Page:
What would a Biden presidency mean for US banks? - Banking, Regulation & Risk -
joe biden

Rise in corporate tax rate could hit net income but spending plans might also drive growth and boost overall profits.

As the US presidential election enters the final straight, Democratic nominee Joe Biden holds a commanding poll lead over president Donald Trump, and many financial institutions are bracing for a likely change in administration following the November 3 vote.

A Biden victory, combined with the Democrats winning back control of the Senate, could see a big increase in taxation and federal spending, together with a shakeup of healthcare, regulatory and trade policy.

Mr Biden supports measures which, if enacted in full, would raise federal revenues and outlays by more than $4tn (or 10% relative to pre-pandemic levels), according to Capital Economics, and the burden of tax hikes are likely to fall on corporates and higher earners. Mr Trump in contrast has voiced support for further tax cuts.

One of Mr Biden’s flagship proposals is to raise the corporate tax rate to 28% from 21% (rolling back Mr Trump’s cut from 35%). The move could slash combined annual net income of the country’s 10 largest banks by more than $7bn, according to S&P Global Market Intelligence.

“Banks' tax bills more closely match the statutory tax rate than other industries, such as technology [which] means any increase in the corporate tax rate will have a more direct impact on earnings,” Zach Fox and Robert Clark of S&P Global Market Intelligence wrote in a recent report.

“This could affect banks' valuations especially in the opinion of investors who focus on price-to-earnings multiples.”

Other Biden policy proposals include introducing taxes on certain financial transactions, such as derivatives.  “[Such moves] frighten the banking sector because they generate profits from these transactions,” says Gregory Daco, chief US economist, Oxford Economics. “It could eat in to their revenues and profit margins.”

There is also support in the Democratic party for raising capital gains tax on the wealthy, which would also impact the banking sector and affect high-net-worth clients. The ability of the Biden administration to push through tax rises will, however, be curtailed if the Republicans retain control of the Senate.

Meanwhile, the Trump administration’s efforts to loosen the rules around the Dodd-Frank reform act that overhauled financial regulation after the global financial crisis a decade ago is likely to change under a Biden administration as it seeks to tighten enforcement.

‘Net positive’ overall

Increased regulation and higher taxes may present net negatives under a Biden administration, but Mr Daco emphasises that Oxford Economics’ analysis of Mr Biden’s budget blueprint points to a “net positive” effect on the overall economy.

“If some of Mr Biden’s spending plans are carried forward they would lead to stronger growth and a more profitable environment for everybody, including for the banking sector,” he says.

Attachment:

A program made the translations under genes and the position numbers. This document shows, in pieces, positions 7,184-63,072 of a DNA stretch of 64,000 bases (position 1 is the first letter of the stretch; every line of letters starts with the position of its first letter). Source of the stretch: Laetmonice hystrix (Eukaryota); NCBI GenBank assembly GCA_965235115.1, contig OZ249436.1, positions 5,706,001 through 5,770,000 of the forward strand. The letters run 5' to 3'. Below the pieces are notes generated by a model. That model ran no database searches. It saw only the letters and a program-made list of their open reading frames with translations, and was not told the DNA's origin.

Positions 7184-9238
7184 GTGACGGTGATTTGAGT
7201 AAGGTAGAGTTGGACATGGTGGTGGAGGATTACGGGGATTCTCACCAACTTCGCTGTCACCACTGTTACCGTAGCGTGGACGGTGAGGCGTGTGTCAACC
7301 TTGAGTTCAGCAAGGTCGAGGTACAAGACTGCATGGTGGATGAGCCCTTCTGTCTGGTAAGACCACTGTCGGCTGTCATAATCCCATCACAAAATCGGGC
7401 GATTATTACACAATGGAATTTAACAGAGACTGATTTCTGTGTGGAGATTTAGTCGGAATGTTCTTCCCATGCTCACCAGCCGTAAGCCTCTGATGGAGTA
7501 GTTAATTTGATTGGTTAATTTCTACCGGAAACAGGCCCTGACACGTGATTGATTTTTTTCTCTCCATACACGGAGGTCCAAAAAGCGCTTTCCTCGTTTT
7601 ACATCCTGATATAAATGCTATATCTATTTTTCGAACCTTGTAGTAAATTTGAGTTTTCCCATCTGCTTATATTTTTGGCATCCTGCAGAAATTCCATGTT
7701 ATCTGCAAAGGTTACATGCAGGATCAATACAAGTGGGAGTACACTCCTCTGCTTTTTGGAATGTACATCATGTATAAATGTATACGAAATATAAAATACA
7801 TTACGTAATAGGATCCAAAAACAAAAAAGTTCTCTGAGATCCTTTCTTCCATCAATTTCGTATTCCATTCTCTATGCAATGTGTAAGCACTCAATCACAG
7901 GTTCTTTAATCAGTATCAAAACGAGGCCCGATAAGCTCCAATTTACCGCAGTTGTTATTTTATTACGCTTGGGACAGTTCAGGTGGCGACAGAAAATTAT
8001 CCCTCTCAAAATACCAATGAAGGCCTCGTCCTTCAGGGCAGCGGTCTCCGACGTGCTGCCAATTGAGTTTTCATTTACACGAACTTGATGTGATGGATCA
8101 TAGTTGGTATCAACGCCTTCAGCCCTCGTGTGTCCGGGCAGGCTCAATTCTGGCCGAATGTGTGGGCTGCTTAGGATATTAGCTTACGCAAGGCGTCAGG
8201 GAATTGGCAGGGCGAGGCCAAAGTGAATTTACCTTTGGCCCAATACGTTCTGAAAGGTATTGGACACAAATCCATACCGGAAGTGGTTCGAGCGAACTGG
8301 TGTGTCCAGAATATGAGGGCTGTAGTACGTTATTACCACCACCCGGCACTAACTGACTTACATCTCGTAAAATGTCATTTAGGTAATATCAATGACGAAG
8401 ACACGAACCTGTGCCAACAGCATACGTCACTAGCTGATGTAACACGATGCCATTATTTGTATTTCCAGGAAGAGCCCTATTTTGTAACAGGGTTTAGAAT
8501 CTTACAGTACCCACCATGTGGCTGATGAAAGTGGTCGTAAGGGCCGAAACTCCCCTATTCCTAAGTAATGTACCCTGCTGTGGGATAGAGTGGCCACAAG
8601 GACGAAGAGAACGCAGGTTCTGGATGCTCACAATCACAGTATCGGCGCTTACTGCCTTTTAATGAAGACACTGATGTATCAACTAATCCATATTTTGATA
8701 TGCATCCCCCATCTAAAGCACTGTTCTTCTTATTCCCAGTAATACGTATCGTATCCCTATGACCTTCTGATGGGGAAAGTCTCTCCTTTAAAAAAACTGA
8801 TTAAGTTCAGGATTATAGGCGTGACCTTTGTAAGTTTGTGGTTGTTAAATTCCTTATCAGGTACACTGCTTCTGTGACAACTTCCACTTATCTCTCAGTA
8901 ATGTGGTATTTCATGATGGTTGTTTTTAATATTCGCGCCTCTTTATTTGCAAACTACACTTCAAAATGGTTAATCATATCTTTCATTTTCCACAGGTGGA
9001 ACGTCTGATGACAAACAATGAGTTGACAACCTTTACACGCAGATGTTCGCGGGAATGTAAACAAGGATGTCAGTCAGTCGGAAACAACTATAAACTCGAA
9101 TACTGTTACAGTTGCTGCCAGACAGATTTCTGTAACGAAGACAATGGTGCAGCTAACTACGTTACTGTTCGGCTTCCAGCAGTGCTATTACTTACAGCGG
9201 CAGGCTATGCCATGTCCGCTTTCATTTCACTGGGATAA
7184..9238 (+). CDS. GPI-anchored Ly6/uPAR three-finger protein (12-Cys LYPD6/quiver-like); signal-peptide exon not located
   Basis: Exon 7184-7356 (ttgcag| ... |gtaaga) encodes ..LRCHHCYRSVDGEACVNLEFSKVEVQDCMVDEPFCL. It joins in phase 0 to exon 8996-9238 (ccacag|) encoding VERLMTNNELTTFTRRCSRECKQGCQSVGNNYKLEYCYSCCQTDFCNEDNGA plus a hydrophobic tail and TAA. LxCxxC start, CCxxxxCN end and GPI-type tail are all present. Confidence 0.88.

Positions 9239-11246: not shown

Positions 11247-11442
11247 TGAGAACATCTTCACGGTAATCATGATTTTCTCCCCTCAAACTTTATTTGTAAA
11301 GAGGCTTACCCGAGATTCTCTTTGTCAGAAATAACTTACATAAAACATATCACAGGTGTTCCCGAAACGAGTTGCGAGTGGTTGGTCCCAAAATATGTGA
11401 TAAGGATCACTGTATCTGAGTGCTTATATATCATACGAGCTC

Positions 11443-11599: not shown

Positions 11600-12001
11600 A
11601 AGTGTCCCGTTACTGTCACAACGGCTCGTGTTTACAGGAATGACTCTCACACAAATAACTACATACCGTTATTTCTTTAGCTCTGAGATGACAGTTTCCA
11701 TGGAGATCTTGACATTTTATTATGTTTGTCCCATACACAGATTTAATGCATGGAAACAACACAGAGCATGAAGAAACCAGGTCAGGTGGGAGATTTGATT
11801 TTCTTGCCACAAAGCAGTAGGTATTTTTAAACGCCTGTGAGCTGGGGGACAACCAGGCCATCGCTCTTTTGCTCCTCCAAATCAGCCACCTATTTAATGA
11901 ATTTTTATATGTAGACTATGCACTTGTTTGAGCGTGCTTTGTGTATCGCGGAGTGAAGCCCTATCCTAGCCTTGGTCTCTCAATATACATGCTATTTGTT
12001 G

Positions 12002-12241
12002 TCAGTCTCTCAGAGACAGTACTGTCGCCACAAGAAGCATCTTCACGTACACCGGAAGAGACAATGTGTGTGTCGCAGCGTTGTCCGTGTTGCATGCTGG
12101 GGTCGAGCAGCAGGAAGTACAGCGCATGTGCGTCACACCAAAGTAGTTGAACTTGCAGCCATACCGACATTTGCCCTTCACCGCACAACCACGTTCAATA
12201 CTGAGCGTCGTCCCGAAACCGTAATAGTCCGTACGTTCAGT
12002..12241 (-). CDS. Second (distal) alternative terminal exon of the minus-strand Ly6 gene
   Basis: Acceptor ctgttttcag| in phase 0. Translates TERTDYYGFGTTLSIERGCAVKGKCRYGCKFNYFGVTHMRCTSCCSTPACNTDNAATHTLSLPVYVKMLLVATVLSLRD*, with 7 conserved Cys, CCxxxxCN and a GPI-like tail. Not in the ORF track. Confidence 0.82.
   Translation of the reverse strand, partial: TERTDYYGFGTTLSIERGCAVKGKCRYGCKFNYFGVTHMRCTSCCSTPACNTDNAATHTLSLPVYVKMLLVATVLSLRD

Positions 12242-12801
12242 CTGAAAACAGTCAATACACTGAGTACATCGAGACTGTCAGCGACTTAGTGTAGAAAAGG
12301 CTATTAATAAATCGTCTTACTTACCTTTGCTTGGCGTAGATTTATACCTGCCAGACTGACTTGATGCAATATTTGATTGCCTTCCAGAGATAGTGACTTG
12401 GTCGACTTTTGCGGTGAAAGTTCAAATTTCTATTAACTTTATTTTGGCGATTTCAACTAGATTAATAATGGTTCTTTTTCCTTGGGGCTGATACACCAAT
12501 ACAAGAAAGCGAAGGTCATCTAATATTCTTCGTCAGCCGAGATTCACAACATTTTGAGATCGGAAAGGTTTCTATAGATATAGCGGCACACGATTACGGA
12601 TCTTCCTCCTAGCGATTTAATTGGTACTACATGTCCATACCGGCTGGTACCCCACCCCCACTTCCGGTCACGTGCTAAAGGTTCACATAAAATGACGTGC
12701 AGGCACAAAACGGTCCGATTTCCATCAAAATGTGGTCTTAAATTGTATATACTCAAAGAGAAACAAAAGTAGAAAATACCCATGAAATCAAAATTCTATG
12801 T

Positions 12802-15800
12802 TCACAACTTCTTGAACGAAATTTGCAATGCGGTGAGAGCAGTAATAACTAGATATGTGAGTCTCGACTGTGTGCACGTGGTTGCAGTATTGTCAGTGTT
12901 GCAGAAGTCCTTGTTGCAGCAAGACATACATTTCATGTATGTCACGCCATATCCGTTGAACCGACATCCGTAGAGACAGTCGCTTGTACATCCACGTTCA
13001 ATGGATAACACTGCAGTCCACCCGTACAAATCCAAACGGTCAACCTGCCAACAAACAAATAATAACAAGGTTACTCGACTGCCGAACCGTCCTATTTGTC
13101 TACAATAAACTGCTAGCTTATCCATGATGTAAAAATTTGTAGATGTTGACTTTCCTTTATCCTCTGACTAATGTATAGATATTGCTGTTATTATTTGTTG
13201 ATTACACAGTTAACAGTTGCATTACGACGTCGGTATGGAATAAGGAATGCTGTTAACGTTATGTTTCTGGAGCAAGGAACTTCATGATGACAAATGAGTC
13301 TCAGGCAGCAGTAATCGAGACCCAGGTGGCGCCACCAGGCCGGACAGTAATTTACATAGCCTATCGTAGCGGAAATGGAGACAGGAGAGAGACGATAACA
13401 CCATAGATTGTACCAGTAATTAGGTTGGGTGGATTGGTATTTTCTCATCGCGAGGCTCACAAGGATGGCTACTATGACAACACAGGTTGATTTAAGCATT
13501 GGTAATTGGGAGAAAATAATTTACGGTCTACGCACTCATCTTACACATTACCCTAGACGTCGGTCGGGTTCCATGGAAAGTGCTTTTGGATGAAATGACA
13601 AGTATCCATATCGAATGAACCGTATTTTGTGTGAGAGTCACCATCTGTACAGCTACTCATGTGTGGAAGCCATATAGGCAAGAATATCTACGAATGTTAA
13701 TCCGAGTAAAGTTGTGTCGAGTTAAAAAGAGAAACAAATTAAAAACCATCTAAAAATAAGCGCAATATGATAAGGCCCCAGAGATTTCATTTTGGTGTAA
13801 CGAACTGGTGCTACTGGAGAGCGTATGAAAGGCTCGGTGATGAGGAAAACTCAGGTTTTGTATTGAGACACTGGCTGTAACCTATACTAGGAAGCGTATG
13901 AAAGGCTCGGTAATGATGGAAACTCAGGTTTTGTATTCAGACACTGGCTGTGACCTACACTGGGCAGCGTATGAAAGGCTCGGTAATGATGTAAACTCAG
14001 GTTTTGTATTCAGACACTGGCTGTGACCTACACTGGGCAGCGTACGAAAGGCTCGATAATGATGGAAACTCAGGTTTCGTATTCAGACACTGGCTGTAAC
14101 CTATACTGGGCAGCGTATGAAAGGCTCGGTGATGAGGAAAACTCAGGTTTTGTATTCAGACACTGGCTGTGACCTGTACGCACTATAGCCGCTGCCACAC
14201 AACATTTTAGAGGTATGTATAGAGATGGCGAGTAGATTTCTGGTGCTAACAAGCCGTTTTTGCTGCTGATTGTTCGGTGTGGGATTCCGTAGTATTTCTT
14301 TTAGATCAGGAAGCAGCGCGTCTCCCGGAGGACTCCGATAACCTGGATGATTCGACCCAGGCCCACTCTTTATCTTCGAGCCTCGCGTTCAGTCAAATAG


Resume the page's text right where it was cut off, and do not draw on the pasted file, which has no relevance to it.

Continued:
Proposals under consideration by the Democrats include a Green New Deal, a package of legislation that aims to address climate change and economic inequality.

Increased regulation and higher taxes may present net negatives… [but] Mr Biden’s budget blueprint points to a ‘net positive’ effect on the overall economy

Tim Adams, CEO of the Institute of International Finance, a global trade body representing the financial services sector, says the Green New Deal holds huge opportunities for banks.

“It’s a great opportunity for the financial sector to be the principal intermediation device in taking trillions of dollars and applying it to sectors that need retrofitting in order to meet Paris accord targets of zero emissions by 2050,” he says.

“Any node in the intermediation pipeline – such as banks as well as asset management firms and insurance companies – are going to benefit.”

Certainty and clarity

Mr Daco adds that one of the main restraints on economic activity under the Trump administration has been the instability in direction and uncertainty about the future.

“The financial services sector would rather know how things are going to evolve, one way or the other,” Mr Daco says.

“Businesses are resilient and can respond to a set of circumstances. But what they are generally not good at is adapting to a rapidly changing environment.

“Potential losses under a Biden administration in terms of increased regulation and an erosion of profits are therefore offset by greater clarity in terms of how policies will develop.

“It’s sometimes underplayed how important a good understanding between business and Congress is in creating a common goal of working towards a stronger economy.”

Mr Adams says the aggressive and nationalistic approach of the Trump administration has been extremely costly for the banking industry.

“The drift towards localisation [under Mr Trump] has led to a tremendous amount of fragmentation, which has made it more difficult to move capital between different jurisdictions, which is basically what the banking sector does,” he says.

“The more difficult the process of moving money around is, the more you constrain growth and increase inefficiencies. A Biden administration is likely to be much more internationalist in its approach and see the advantages of being able to move capital to where it's needed. A more global approach is good for the banking sector.”

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